What are your top tips for building a successful brand?
Firstly, for me, building a brand is more about emotion than science. What is crucial is that you know exactly what you are aiming to achieve and that you have a clear objective. Whatever that might be, you need to identify what differentiates you and your brand concept from the competition. Above all, you have to be totally committed and believe in your brand wholeheartedly.
How are branding and marketing linked?
I believe that a brand is about conjuring up an image and the values associated with that image. If that image conjures up trust in those values, and reassures the consumer/buyer/client that you will deliver, it makes the job of marketing significantly easier. If you can communicate your message, your promise, by conjuring up an easy idea through your brand, it’s a shortcut that can be invaluable.
Why is creating a brand important?
I don’t think that in every case creating a brand is important. A single product may not need a brand, but just needs to demonstrate it does what it says it will do. However, if you want your public to understand who you are, and what your values are, rather than just what you do, you need a shorthand that brings that image to mind in a word or a picture. That’s when building a brand profile becomes key. It’s a promise that’s understood without explanation – it’s visceral, emotional, a little bit of magic. To achieve that, I believe it’s crucial to be clearly identifiable and distinct. You, more than anyone, need to understand and believe in the values your brand encapsulates, and reinforce your brand promise in every aspect of what you do, in order for it to be successful and effectively communicated.
Which other brands do you admire or inspire you?
I have two brands that I have both learnt and taken inspiration from. Tod’s is a brand that I can identify with as it offers sophistication and luxury with high brand values at an affordable price, which is what I see my brand doing in the hotel sector. In terms of a hotel brand, I always think of Aman Resorts as a benchmark of what I would like to achieve with Nadler Hotels in the way it immediately conjuring an image. I use the word Aman as a descriptor, when I want to express the highest level of luxury and service in our industry.
What were your influences around brand development?
In creating the Nadler brand, my influences have come from my personal experiences as a guest, and what is meaningful to me when staying in a hotel. I look at my hotels from the perspective of a guest, not a hotelier - I am looking to give my guests the best possible experience to encourage loyalty, rather than just squeezing money out of them. I don’t like the word “monetise”. A hotel is part of a neighbourhood, a community, and by putting back into that community, if our role clear, and can be linked to our brand standards, that’s a plus for me.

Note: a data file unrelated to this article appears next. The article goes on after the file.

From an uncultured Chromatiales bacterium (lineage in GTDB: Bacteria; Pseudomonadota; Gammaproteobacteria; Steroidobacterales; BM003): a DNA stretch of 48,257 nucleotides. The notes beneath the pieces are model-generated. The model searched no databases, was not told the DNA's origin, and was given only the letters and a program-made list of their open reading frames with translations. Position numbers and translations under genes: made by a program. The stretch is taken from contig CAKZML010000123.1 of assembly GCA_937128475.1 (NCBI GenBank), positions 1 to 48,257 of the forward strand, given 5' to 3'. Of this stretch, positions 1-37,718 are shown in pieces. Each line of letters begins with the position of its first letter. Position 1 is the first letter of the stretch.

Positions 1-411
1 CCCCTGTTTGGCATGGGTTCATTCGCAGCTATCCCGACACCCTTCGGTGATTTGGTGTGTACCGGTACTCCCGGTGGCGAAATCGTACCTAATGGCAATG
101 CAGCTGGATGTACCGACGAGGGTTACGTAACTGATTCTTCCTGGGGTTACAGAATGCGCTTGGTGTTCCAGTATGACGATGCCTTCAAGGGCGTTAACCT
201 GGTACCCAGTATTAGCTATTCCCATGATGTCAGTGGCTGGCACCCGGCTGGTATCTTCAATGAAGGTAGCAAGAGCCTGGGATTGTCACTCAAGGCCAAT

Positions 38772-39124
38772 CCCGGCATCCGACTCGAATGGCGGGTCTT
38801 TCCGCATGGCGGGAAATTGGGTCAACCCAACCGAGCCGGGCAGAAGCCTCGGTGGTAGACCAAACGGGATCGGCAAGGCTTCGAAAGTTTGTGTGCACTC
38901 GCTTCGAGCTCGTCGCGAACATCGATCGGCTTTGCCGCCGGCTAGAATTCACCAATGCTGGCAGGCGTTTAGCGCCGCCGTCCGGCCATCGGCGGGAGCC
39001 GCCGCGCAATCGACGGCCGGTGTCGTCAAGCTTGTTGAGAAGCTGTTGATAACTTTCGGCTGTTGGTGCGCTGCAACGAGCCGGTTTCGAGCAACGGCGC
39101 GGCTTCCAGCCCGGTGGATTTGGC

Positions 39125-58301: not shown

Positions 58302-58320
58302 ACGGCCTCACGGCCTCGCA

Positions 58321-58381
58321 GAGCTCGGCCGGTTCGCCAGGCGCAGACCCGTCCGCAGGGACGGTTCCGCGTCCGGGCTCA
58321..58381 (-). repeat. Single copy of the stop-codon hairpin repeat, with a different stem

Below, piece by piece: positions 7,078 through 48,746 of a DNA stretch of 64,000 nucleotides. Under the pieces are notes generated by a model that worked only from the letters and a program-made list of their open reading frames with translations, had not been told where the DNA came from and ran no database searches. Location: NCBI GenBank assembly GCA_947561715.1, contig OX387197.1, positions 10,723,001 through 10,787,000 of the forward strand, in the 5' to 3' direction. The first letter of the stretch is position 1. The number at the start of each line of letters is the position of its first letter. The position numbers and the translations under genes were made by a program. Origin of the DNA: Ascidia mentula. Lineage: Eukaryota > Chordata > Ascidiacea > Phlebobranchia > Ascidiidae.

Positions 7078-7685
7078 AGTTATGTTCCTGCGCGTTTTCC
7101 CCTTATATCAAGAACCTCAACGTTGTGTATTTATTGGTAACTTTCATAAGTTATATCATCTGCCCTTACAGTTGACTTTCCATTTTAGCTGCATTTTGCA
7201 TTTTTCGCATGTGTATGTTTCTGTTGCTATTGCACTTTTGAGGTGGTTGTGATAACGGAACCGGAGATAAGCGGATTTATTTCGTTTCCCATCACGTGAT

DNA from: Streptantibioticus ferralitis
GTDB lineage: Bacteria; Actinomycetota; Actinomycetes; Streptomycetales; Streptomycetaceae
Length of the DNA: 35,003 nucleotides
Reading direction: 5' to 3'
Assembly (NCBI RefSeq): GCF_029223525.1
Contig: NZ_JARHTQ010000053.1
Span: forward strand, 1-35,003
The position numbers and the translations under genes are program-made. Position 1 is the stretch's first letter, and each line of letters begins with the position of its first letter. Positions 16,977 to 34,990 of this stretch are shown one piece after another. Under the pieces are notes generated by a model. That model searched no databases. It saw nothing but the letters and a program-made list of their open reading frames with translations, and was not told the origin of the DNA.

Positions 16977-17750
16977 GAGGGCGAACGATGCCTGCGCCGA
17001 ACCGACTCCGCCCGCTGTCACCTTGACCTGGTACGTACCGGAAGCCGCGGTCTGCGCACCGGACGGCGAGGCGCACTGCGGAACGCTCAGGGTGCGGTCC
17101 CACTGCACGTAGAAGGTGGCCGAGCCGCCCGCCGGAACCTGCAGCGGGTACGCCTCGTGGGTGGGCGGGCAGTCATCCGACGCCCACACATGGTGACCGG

Did you / do you take food or hospitality trends into account, if so, what?
You can’t live in a bubble, but nor can you be whimsical, changing with the wind. As long as the trends appear to have longevity, and sit with our values, we look at whether we can incorporate them. Technology, which has a shorter and shorter shelf-life, is challenging. From a brand perspective though, as it’s the values underlying the brand that are the key, these should not need to change, but generational movements mean we have to evolve. Without a bar or restaurant, food trends are something we can look at and enjoy, and most importantly, help our guests to enjoy, as more and better restaurants, bars and cafes open around our hotels.
What is unique about your brand?
We are driven by an ethos, not an ROI. Sustainability, environmental, economic and social, is key. We pride ourselves on offering transparency and value for our guests. We give something back, not only to guests, but also to the local community, encouraging guests to explore the neighbourhood and really live like a local.
What are the future plans for the Nadler Hotels brand?
We are aiming to grow sustainably and are looking to expand to more sites in London and the UK. In an ideal world, I would like to grow the brand internationally, however this is a huge step and I'm conscious that I don’t want to run before we can walk. As a small hotel group, I want to avoid us turning into a chain and losing our brand identity, as it’s the personal aspects, and the energy and commitment of my team, that makes Nadler hotels special.
Robert Nadler, CEO
Nadler Hotels Group